The hermit Vital de Mortain (d. 1122) is at the origin of the foundation of a monastic establishment in 1113 at Savigny-le-Vieux, on land donated by Raoul de Fougères. An initial abbey church was dedicated in 1124. This was very quickly replaced by a much larger building whose period of construction extended from 1173 to 1200. As part of a reforming school of the Benedictine order, the monasteries claiming their origins from Savigny soon numbered some thirty or so in Normandy and in England. In the mid 13th century they joined the Cistercians.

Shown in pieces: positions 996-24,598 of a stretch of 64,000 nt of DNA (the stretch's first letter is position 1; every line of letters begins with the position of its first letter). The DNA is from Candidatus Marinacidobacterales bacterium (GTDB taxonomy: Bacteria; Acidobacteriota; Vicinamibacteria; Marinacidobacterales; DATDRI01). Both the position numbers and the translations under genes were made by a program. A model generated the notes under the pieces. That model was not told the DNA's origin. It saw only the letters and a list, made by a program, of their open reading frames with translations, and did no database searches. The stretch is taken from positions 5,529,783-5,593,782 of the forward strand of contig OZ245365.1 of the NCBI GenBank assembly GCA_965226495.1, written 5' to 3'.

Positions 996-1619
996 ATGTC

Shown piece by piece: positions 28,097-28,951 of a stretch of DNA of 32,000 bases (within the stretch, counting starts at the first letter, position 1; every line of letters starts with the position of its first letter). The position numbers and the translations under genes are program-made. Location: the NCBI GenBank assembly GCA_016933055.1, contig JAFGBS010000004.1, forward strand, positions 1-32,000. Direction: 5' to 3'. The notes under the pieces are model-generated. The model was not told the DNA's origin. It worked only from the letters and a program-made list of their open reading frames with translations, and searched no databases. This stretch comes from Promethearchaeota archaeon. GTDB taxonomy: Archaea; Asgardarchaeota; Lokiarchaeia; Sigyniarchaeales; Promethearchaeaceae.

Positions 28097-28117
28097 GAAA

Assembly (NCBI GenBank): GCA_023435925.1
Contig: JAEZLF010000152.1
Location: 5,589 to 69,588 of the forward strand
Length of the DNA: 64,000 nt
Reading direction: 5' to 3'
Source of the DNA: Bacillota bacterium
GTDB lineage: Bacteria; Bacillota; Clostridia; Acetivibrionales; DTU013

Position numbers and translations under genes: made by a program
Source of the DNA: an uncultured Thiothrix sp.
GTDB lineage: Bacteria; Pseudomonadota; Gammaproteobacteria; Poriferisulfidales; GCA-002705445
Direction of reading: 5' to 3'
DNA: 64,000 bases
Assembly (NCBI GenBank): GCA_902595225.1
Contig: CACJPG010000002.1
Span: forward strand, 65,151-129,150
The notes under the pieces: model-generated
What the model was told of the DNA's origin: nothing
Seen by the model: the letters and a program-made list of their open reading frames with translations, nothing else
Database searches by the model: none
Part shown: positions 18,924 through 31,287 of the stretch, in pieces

The monastic group of buildings virtually disappeared after the Revolution. Almost nothing survives of the Gothic church, or of the chapel of Sainte-Catherine from the Romanesque period. Of the convent accommodation, only the entrance to the refectory is retained with its Romanesque portal decorated with chevrons.
-Musset, Lucien. - Normandie romane, Zodiaque, La Pierre-Qui-Vire, 1987, T. I, p. 42.
-Poulle, Béatrice. - “ Les bâtiments de l’abbaye de Savigny ”, dans Richesses de la région de Saint-Hilaire-du-Harcouët, Art de Basse-Normandie, n° 109, 1er trimestre 1997, p. 45 à 53